The Peter T. Pope Early California Collection

The Peter T. Pope Early California Collection, now part of the Crocker Art Museum’s permanent collection, examines the history of California through rare historic maps, depictions of Gold Rush towns, urban scenes of San Francisco, and other aspects of daily life. Scenes of the city include depictions of urban development, bird’s-eye views, social gatherings, caricatures of well-known industrialists, and the destruction caused by the 1865 and 1906 earthquakes. Through nearly all of the works—from cartography to cartoons—visitors will see the evolution of California’s urban, natural, and political landscape during multiple periods of growth and development.

The collection also seeks to address under-told narratives of immigrant labor that accompanied the Gold Rush boom, the forced relocation of Native American peoples, colonization, as well as the increased demand for, and use of, environmental resources. The people and places omitted from the many scenes depicted in the artwork are as important as the people and places purposefully represented.

Between 1848 and 1853, a quarter of a million people literally rushed to California in search of gold. The influx of people during the Gold Rush, considered the largest mass migration up to that point in American history, hastened California’s move toward statehood, which was secured through the Compromise of 1850. Within this Gold Rush history also lies the history of Native American peoples and immigrants. The latter came to Northern California from around the globe by steam ships, river boats, and overland trails.

Trains also play a central role in many of the works and are evidenced through scenes of railroads under construction and as connectors of people and industry. In 1862, Congress passed the Pacific Railway Act, which allowed for the start of construction on a transcontinental railroad. Upwards of 20,000 Chinese laborers helped build the most treacherous western portion of the transcontinental railroad between 1863 and 1869. Further, territorial expansion was fueled by the idea of Manifest Destiny, or that it was the God-given right for the United States to span from coast to coast regardless of those already here or who might stand in the way.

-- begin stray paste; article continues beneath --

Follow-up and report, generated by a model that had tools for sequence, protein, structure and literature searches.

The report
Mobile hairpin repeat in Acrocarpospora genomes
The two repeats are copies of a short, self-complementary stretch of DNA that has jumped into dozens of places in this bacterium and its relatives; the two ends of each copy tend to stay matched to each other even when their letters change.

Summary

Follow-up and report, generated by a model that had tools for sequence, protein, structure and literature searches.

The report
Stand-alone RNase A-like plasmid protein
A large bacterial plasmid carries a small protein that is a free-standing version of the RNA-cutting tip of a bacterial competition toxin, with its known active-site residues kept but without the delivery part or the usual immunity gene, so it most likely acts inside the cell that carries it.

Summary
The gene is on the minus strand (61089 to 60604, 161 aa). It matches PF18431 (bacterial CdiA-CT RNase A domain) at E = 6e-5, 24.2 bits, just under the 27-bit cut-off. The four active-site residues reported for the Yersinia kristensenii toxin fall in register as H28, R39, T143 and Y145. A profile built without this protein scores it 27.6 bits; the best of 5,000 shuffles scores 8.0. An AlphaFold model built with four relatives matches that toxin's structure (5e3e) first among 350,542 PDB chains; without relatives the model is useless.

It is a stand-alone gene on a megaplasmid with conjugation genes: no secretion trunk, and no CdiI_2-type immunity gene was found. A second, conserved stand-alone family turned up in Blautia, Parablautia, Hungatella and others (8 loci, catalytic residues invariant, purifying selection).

The Peter T. Pope Early California Collection digital project was made possible by the generous support of Maria and Molly Pope.

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  • Gleason's Pictorial Drawing-Room Companion (American, active 19th century), publisher
    Untitled. n.d.
  • Guillaume Delisle (French, 1675–1726)
    America Septentrionalis. circa 1758.
  • Gustav Drouaillet (American, born France, active mid–19th century) and printed by F. Kuhl
    California Engine Company No. 4, San Francisco. circa 1856.
  • H.F. Cox and Endicott & Co.
    Post Office, San Francisco, California A Faithful Representation of the Crowds…. circa 1850.
  • Harold John Brothers (American, born England, 1888–1947)
    California St., San Francisco. 1923.
  • Harpers Brothers (active 19th century), publisher
    The City of San Francisco, California [From Second St. Above Folsom]. July 11, 1857.
  • Harrison Eastman (American, 1822–1891) and published by Britton & Rey (American, 1852–1906)
    San Francisco. 1852.
  • Henry Bainbridge (American, active 19th century) and George William Casilear (American, 1826–1912)
    View of San Francisco. n.d.
  • Henry Bainbridge (American, active 19th century), George William Casilear (American, 1826–1912) and published by Joseph Fairfield Atwill (American, 1811–1891)
    View of San Francisco Taken from the Western Hill at the Foot of Telegraph Hill. 1851.
  • Henry Bill (American, 1824–1891)
    San Francisco. 1852.
  • Henry Firks (American, active mid-19th century) and published bt W.H. Jones and G.T. Devereaux
    San-Francisco, 1849. 1849.
  • Henry Jerome Schile (American, born Germany, 1829–1901)
    Across the Continent: Passing the Humboldt River. 1870.
  • Henry Lange (German, 1821–1893), Anstalt von Leopold Kraatz (German, active 19th century) and published by V.G. Westermann (German, active 19th century)
    Bai San Francisco und Vereinigung de Sacramento mid dem San Joaquin. 1854.
  • Henry Steinegger (American (born Switzerland), 1831–1917), Joseph Britton (American, born England, 1825–1901) and Jacques Joseph Rey (American, born France, 1820–1892)
    Territorial Pioneers of California, Domingo Marucci. May 25, 1878.
  • Herman Moll (English, born Holland, 1654–1732) and published by I. Bowles et. al. (English, active 18th century)
    North America. circa 1720.
  • Hermann J. Meyer (German, 1826-1909)
    San Francisco. circa 1850–1860.
  • Hermann J. Meyer (German, 1826–1909)
    Monterey in California. 1861.
  • Isaak Tirion (Dutch, 1705–1765)
    Kaart van het Westelyk Gedeelte van Nieuw Mexico en van California. 1765.
  • Isaiah West Taber (American, 1830–1912)
    City Hotel. circa 1891.
  • Isaiah West Taber (American, 1830–1912)
    A Corner of the Plaza, San Francisco in February 1850. circa 1891.


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